Accessible IT Procurement

Embedding awareness and understanding of accessibility and disability


A contextual understanding and awareness of accessibility at all levels of an organisation is vital to the on-going success of its accessibility objectives. Procurement is only one step in the process of delivering accessibility for all staff and students across an institution – the steps outlined below are also required.

Embed awareness

Internally, all staff should be aware of and have access to a central repository of accessibility / disability information relevant to the organisation.

This could include:

  • Information on the organisation’s commitment to accessibility
  • Policies, procedures, processes, guidelines, and standards related to accessibility /
  • Basic information about accessible products/services for customers and staff
  • Instructions on producing accessibility content and applications using their regular tools
  • Details on general disability awareness training options for all staff
  • Details on specific training available to managers and front-line members of staff
  • Promotion of upcoming accessibility related events (internal and external) such as Global Accessibility Awareness Day, and International Day of People with Disability
  • Key support contacts

Externally, organisations can demonstrate their commitments by:

  • Ensuring recruitment channels are accessible
  • Publishing accessibility commitments externally and providing updates on progress (e.g., Accessibility Action Plan)
  • Publishing information about accessible products/services they provide for customers
  • Include people with disability in advertising / marketing / media campaigns
  • Actively engage with the disability community to seek feedback on products and services (e.g., through social media, and peak disability organisations)

Capability Uplift

Organisations should regularly assess their capability in order to determine the level of accessibility skills and the understanding of the requirements of people with disability they have in their current workforce.

These assessments will assist in identifying training needs in order to keep up with changes to standards and regulations, or advancements in technology. Where the assessment identifies a skill gap, there should be a process for employee training.

It is likely that staff will need to undertake role specific training in order to enhance their skills and maintain the capability within the organisation.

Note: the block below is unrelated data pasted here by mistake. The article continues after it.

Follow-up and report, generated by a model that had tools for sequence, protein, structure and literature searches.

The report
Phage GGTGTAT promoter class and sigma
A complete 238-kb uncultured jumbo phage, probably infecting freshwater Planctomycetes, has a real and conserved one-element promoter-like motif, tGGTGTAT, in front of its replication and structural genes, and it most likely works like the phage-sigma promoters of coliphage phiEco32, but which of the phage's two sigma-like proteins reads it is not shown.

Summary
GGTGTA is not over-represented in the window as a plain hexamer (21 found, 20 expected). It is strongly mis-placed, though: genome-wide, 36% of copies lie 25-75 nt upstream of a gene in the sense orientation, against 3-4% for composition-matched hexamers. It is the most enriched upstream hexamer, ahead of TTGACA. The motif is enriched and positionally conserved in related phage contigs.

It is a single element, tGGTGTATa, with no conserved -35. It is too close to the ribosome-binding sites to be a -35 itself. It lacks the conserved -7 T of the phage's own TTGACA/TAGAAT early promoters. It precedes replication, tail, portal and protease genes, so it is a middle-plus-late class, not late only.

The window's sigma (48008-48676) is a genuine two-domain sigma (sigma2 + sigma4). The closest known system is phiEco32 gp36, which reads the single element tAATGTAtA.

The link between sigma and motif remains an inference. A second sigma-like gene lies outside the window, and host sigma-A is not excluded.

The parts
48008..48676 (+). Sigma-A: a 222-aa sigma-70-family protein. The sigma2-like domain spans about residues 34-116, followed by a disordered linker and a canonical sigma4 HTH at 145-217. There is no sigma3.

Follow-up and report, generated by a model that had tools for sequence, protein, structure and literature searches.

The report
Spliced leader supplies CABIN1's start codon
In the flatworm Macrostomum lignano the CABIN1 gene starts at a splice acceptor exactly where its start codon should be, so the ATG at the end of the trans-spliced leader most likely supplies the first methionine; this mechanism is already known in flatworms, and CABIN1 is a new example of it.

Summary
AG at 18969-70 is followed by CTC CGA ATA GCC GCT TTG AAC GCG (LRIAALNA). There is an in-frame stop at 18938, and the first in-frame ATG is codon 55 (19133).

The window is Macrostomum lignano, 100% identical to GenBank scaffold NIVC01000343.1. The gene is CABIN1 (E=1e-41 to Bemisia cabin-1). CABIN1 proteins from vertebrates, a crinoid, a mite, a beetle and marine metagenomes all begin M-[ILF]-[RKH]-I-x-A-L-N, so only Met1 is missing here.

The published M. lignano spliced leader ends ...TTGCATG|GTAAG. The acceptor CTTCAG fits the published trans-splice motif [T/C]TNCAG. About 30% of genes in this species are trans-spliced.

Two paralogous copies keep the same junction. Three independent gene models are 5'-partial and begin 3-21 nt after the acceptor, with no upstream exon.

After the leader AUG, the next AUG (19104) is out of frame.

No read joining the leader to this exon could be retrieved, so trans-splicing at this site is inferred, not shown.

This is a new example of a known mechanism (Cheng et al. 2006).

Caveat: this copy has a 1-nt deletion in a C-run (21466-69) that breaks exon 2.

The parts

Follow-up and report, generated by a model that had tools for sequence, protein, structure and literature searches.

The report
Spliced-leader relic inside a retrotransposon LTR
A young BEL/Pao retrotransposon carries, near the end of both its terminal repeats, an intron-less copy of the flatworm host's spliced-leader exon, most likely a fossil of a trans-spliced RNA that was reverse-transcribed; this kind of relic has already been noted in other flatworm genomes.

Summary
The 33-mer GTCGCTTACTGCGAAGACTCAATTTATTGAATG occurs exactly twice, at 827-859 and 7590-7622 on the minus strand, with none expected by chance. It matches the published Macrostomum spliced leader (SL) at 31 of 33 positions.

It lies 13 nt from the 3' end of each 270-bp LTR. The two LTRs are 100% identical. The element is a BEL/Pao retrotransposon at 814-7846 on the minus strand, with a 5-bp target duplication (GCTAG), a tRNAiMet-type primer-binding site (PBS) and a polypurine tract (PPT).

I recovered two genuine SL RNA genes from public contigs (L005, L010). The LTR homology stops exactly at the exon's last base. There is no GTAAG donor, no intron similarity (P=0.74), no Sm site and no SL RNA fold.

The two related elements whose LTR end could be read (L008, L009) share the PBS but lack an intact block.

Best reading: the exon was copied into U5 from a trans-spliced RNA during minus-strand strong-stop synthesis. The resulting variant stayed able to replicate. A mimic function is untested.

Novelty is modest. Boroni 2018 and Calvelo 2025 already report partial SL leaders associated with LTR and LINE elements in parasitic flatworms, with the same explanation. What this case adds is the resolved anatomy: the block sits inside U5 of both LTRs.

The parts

This training could take many forms:

  • Role-specific training and education programs that address knowledge gaps (eLearning, or face to face workshops)
  • Embedding accessibility training into induction programs and yearly learning plans to ensure staff have the necessary skills and/or support required to meet accessibility requirements
  • Partnering with external suppliers to provide ongoing specific staff training for new tools, techniques, technologies, legislation, etc.

Seek feedback by engaging people with disability

Engaging with people with disability to seek feedback is the only way to truly be sure that the product or service you’ve built or purchased is accessible. It is important to create easy and effective feedback mechanisms to drive continuous improvement and innovation.

There are several ways in which this feedback can be collected:

  • Customer / Employee Surveys
  • Focus Groups
  • Usability testing of products and services
  • Online ‘Accessibility Feedback’ form on company website
  • On-going engagement with key disability organisations
  • Analysis and investigation of accessibility related complaints
  • Social media channels

Create an accessibility test plan

Formalised testing and validation procedures are integral parts to an organisation’s accessibility process. Organisations should develop an accessibility test plan that enables progress towards their accessibility targets to be measured throughout the development lifecycle.

The accessibility test plan should clearly state:

  • which accessibility testing methods will be used, at what points of the process:
    • Automated Testing – an automated review where a tool is used to parse the code of a website and application, and test against accessibility standards. While there are many automated tools available, they have a limited application because only a limited number of WCAG success criteria can be programmatically verified. Their advantage is that they can be regularly scheduled and can provide a ‘thermometer’ of change.
    • Manual Testing – a systematic manual review against a set of guidelines (usually WCAG) and is required for full conformance testing because most WCAG success criteria need human intelligence to be properly evaluated. Manual testing requires a particular skill-set. If an organisation does not possess this capability in-house it should use the services of an external digital accessibility partner
    • Usability Testing – evaluation of your product or service by asking people who would normally use it to complete common tasks and actions. This process provides real-world feedback, and helps you understand and improve on the experience for users.
  • how the methods will support the team in progressing towards the mandated accessibility standards
  • how the test results will be documented
  • how the test results will be fed back into the review process to improve the product in future releases

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